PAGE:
"UC Berkeley is too hard. Go to a state school instead."
If you've ever been underestimated, the experience leaves you feeling vulnerable and self-conscious. You start reevaluating all your work and achievements.
You lose sight of all the ways you had to fight and accommodate your big dreams and goals into a life that's already HARD.
For people like me, a first-generation low-income immigrant, life was not easy. And, if you wanted more out of life than to meet your basic needs, you were often on your own.
You're looking for and fighting for any opportunity available to you. And when you finally come across a fantastic opportunity, you'll likely meet a gatekeeper. Merriam-Webster defines a "gatekeeper as a person who controls access." They can have a direct relationship to the opportunity or an indirect one.
Gatekeepers Control Access to Opportunity
My first gatekeeper was a high school teacher.
He asked if I planed to go to college. I said, yes, and shared a list of all the schools I applied to and which had accepted me.
I told him I had been admitted to UC Berkeley and Fresno State. He then asked for my SAT score. Then asked me to walk to an SAT poster pasted to his wall and told me my SAT score was too low and that I needed a score closer to 1600.
I had a C in his class when we were having this discussion. He used my low SAT score and my C grade as two solid data points to predict my ability and capability, and recommended I go to Fresno State instead of Berkeley.
He didn't think I could thrive at UC Berkeley. He was a UC Davis graduate and knew UC Berkeley was "harder" than Davis. So, he concluded that Fresno State was a good place for me.
There's nothing wrong with going to Fresno State. I visited the school. It would have been an incredible experience. I would have had access to more Spanish speakers, a larger Latino population, a fun college environment, and hopefully, professors who understood immigrant students' complex lives.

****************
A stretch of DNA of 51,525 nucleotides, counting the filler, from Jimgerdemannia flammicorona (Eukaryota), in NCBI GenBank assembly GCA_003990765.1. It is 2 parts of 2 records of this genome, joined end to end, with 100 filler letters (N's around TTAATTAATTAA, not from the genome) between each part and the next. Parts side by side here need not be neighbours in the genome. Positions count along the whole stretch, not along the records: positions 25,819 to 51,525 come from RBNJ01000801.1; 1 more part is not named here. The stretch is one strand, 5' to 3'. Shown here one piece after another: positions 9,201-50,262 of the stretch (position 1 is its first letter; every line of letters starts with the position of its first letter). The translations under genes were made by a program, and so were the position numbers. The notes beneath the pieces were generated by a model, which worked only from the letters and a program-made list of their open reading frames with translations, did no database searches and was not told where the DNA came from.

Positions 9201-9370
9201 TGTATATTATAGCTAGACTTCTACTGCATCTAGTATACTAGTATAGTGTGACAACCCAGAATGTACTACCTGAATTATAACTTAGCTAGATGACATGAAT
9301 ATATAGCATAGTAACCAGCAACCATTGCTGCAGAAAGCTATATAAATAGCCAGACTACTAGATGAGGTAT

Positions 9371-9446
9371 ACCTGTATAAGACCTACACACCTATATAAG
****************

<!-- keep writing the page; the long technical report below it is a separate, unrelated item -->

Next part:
"After the incident, I felt more compelled to worker harder to prove him wrong. But, the challenge when you're a first generation high school student and incoming college student, is that you're already questioning your ability. You are already living life wondering if you're able, capable, and if you are deserving of success."
The Issue at Hand
This video focuses on how this teacher failed me as a high school teacher, and how he successfully played his role as a gatekeeper.
He casually and confidently redirected me from a prestigious public university without thinking about my family situation, financial aid package, and career ambitions.
Luckily, I also had an advocate and an ally who believed in me.
This teacher and I weren't close, but he could have put effort into learning more about me before offering his advice. Two data points are not enough information to assess a person's ability and grit. If he had been more curious about my overall academic and personal life, he would have known who I was and why 90-95 percent of the universities I applied to accepted me.
Curious to know how things unfolded? Watch the video.
Spoiler. I accepted an offer to UC Berkeley twice. I graduated in 2010, with a bachelor's in psychology and sociology, and in 2012 with a master's in social welfare.